In 2015, if all goes well, driver Andy Green will drive Bloodhound at 1,600 kmph, faster than a bullet, faster than an aircraft
Andy Green, RAF fighter pilot, record breaker and action hero, slipped off his shoes before clambering into the cockpit of Bloodhound, the supersonic car being handcrafted in the UK to hit the 1,600 kmph mark.
By next summer Bloodhound SSC will be racing along a Cornish test track and few weeks later be transported to a desert in South Africa where the plan is for it to reach 1287 kmph and break Green’s own current land-speed record of 1227 kmph.
Then in 2015, if all goes well, Green will return to South Africa and drive Bloodhound at 1,600 kmph, faster than a bullet, faster than an aircraft.
At the unveiling of the cockpit — a key stage in the development of the 10-year project — Green said the idea was not just to make history but to push back the laws of physics and inspire a new generation across the world to become scientists and engineers. “This is the greatest engineering adventure in motor sport,” he said. It is hard to grasp just how fast 1,600mph is. Green said the best way of illustrating it was to imagine it travelling the length of a football pitch.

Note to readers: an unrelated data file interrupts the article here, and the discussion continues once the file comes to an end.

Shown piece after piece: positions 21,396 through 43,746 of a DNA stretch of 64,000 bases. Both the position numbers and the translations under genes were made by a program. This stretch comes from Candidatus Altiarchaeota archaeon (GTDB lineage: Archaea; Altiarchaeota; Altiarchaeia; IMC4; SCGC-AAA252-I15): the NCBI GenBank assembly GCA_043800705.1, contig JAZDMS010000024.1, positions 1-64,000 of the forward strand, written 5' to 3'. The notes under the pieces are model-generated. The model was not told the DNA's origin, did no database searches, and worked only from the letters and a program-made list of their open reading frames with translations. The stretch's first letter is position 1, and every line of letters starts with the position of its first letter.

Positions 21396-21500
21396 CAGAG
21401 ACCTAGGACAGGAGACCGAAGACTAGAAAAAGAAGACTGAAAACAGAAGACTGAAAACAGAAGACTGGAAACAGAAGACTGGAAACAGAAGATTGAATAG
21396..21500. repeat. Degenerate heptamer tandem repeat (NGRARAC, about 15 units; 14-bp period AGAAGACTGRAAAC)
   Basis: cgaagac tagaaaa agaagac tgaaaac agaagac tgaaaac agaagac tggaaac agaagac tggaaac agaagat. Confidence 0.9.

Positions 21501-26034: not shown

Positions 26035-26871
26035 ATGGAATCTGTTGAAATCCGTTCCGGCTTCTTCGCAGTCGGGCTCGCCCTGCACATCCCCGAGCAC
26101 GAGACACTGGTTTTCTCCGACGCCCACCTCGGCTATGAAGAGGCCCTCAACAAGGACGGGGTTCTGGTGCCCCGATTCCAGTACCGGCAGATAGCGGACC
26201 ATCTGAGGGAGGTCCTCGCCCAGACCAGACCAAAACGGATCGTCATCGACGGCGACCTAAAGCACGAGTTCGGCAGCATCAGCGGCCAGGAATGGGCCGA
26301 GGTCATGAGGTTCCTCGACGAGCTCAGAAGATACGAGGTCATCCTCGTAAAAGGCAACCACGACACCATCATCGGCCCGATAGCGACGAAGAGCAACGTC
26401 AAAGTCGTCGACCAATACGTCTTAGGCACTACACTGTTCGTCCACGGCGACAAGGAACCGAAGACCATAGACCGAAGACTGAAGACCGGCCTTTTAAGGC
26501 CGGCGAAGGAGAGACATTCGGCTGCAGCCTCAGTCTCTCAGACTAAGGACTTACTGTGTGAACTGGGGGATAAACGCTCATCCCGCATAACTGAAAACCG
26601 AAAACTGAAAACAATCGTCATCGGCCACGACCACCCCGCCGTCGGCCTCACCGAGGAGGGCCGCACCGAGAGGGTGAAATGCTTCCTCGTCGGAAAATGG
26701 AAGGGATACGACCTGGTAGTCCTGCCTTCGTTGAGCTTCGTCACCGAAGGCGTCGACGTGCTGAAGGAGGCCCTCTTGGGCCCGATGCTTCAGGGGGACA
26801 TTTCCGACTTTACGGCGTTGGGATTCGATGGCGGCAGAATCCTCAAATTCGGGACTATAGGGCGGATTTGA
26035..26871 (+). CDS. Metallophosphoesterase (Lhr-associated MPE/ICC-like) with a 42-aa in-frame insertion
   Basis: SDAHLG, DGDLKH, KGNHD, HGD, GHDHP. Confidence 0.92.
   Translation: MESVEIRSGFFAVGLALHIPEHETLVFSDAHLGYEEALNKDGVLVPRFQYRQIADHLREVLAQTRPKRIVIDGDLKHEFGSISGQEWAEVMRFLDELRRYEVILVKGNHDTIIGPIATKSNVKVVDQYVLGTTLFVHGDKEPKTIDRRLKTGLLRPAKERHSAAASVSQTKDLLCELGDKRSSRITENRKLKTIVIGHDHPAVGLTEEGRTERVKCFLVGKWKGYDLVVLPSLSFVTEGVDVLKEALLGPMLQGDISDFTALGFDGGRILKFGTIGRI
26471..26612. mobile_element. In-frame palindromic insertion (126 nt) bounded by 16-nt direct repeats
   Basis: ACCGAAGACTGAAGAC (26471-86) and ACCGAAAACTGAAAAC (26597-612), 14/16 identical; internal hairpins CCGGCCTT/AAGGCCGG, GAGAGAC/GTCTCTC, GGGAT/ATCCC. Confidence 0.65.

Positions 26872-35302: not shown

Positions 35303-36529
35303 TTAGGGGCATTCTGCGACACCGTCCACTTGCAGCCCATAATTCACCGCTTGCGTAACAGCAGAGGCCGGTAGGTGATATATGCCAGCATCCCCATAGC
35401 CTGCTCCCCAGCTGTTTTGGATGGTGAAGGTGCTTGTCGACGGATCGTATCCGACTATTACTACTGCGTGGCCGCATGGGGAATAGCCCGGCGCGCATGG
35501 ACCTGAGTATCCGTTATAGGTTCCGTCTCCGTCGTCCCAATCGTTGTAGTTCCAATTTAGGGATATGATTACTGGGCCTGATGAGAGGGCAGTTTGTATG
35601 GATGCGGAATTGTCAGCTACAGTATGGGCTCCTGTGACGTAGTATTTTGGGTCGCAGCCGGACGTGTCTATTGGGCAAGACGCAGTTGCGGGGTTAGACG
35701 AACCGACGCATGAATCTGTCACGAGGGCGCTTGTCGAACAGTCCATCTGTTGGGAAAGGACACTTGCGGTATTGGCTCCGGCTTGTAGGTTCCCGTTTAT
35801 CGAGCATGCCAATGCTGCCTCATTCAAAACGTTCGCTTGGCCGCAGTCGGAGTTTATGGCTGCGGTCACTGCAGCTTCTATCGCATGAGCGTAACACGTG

If a spectator blinked, he or she would not see the car driving past. The cockpit turns out to be a pleasing combination of the super-high tech and the ordinary. It features, for example, state-of-the art ballistic armour to protect the driver from a shooting stone or bird strike.
Should the digital displays suffer a catastrophic failure, the team has got Rolex to create a comforting-looking analogue stopwatch and speedometer. There are also chunky back-up levers to activate the parachutes that help stop the car and to cut off the fuel supply to the jet engine.
Green said it would be noisy, hot (there is no air conditioning). And he accepts he does not know what it will be like travelling at 1,600 kmph along a desert trace track. “This is human adventure, it’s about people doing stuff, it’s climbing Everest, it’s Neil Armstrong stepping on to the moon. We don’t know what it will be like in this cockpit. That’s part of the adventure.” — © Guardian Newspapers Limited, 2014